By spring of this year, North American stock market indices recovered again, nearly doubling in value versus two years before. But early August saw a renewal of wild swings. The major catalyst has been the downgrade of U.S. debt, from AAA to AA+ by Standard & Poor’s. Other factors have also played roles, including evidence of a slowing world economy, partly brought on by worries about Chinese inflation and monetary tightening, and the debt problems in Europe.

Lack of success in providing jobs in the U.S. has hurt consumer confidence. Plus some large lending institutions have lingering financial problems as a result of faulty mortgage foreclosure practices. In Europe, there are major banks with scary exposure to sovereign debt.

The U.S. debt downgrade contains a certain “bogus” element. The U.S. government isn’t out of money, nor is it ever going to stop paying its bills. The crisis was politically engineered. It was about establishing electioneering platforms for the 2012 vote. S&P’s action was a virtual tongue-lashing telling the two parties on Capitol Hill to get their acts together. Compromise, which has worked so effectively in the past, has been sadly and at great expense abandoned.

The U.S. economy is still, by far, the world’s largest with tremendous potential to grow out of its financing problems, given a little luck and the correct policies. Furthermore, there is no other foreign currency held by investors to anything like the same degree as the U.S. dollar.

The sheer liquidity of the greenback and U.S. treasury notes means the greenback’s prominence continues to be assured for years to come. Recent events have provided the proof. After treasury bills were downgraded, demand actually picked up, lowering yields to their lowest levels on record. While this may go against pure theory, the logic is clear and relates back to what was said earlier. If there is more concern about the world economy, then money will flow into the world’s reserve currency and, for now and at least the next decade, that’s the U.S. dollar.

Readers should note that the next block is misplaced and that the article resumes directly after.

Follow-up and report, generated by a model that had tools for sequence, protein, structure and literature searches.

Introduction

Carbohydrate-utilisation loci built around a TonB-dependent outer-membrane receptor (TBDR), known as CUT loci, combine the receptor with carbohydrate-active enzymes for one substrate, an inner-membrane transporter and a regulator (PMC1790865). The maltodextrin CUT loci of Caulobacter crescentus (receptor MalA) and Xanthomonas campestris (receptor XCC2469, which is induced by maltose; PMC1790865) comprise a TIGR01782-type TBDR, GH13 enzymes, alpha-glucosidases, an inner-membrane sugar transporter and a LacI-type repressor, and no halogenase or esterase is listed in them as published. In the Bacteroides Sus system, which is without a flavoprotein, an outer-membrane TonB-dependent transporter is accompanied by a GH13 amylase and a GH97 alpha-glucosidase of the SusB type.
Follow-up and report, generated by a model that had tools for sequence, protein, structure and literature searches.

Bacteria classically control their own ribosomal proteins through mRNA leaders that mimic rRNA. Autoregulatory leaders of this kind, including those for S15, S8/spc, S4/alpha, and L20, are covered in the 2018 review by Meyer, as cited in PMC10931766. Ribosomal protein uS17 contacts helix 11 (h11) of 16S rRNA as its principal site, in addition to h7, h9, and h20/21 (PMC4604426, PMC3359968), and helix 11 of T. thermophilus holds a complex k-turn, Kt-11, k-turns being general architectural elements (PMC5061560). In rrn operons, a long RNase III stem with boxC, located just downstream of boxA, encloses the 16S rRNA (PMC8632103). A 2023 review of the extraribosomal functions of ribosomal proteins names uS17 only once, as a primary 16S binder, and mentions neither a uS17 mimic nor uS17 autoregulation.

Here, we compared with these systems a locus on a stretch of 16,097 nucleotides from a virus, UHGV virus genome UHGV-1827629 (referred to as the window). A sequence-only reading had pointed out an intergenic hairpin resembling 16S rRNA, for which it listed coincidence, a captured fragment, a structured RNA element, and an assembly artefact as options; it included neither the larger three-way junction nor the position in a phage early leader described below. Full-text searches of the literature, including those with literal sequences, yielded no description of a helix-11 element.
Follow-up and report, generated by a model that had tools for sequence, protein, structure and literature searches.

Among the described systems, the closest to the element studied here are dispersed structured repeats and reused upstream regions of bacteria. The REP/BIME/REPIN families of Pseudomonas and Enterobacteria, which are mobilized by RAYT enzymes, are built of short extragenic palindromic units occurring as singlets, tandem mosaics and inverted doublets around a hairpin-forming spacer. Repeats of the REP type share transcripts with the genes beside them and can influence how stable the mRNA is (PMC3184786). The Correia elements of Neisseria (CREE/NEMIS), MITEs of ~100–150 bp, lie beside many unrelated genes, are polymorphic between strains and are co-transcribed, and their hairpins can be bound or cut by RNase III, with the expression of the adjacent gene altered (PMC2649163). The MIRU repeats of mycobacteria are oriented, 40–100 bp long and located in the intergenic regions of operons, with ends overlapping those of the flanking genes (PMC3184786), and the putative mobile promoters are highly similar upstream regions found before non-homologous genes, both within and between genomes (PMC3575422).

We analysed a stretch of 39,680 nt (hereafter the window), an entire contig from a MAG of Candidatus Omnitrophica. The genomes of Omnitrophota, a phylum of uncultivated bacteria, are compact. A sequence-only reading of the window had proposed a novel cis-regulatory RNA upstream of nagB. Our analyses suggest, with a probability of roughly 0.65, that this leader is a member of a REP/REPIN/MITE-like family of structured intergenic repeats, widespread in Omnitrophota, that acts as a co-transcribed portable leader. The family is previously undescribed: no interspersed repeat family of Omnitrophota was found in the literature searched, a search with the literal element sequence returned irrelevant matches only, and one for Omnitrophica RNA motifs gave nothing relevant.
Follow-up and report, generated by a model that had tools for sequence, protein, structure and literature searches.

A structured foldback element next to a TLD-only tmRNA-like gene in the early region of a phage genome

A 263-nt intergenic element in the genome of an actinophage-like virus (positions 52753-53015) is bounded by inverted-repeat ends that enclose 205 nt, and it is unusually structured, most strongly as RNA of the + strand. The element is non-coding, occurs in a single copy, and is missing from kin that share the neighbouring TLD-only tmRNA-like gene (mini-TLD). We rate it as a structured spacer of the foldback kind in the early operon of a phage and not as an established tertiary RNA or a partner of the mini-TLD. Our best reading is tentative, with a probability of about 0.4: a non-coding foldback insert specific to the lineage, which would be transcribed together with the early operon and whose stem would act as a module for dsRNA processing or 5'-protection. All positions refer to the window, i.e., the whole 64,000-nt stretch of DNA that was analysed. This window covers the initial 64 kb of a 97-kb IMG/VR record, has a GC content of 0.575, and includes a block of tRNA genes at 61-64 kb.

For some countries, several of the five asset classes may move in tandem. Canada and other predominantly resource-based nations, such as Australia and Brazil, fall into this category.

For Canada, the dynamic for asset appreciation has come mainly from commodity prices. Emerging nation demand for agricultural products, in short supply around the world, and metals and minerals to undertake infrastructure projects has driven up the prices of many of the raw materials this nation provides. Until recently, high commodity prices have been the driving force behind the appreciations of share prices on the TSX and the value of the Canadian dollar.

The recent retreat in world oil prices has lowered valuations in Canada’s resource sector. Doubts about the strength of our major trading partner have also exerted some drag, but a substantial drop in gasoline prices will help the 70 per cent of the U.S. economy that is driven by the consumer.

Alex Carrick is Chief Economist with CanaData, a division of Reed Construction Data (RCD). CanaData is the leading supplier of statistics and forecasting information for the Canadian construction industry. RCD is a division of the global publishing firm, Reed Elsevier. For more economic insight from RCD, please visit www.dailycommercialnews.com/features/economy. Mr. Carrick’s lifestyle blog is at www.alexcarrick.com and he would welcome a follow on Twitter (Alex_Carrick) or Facebook. 

www.alexcarrick.com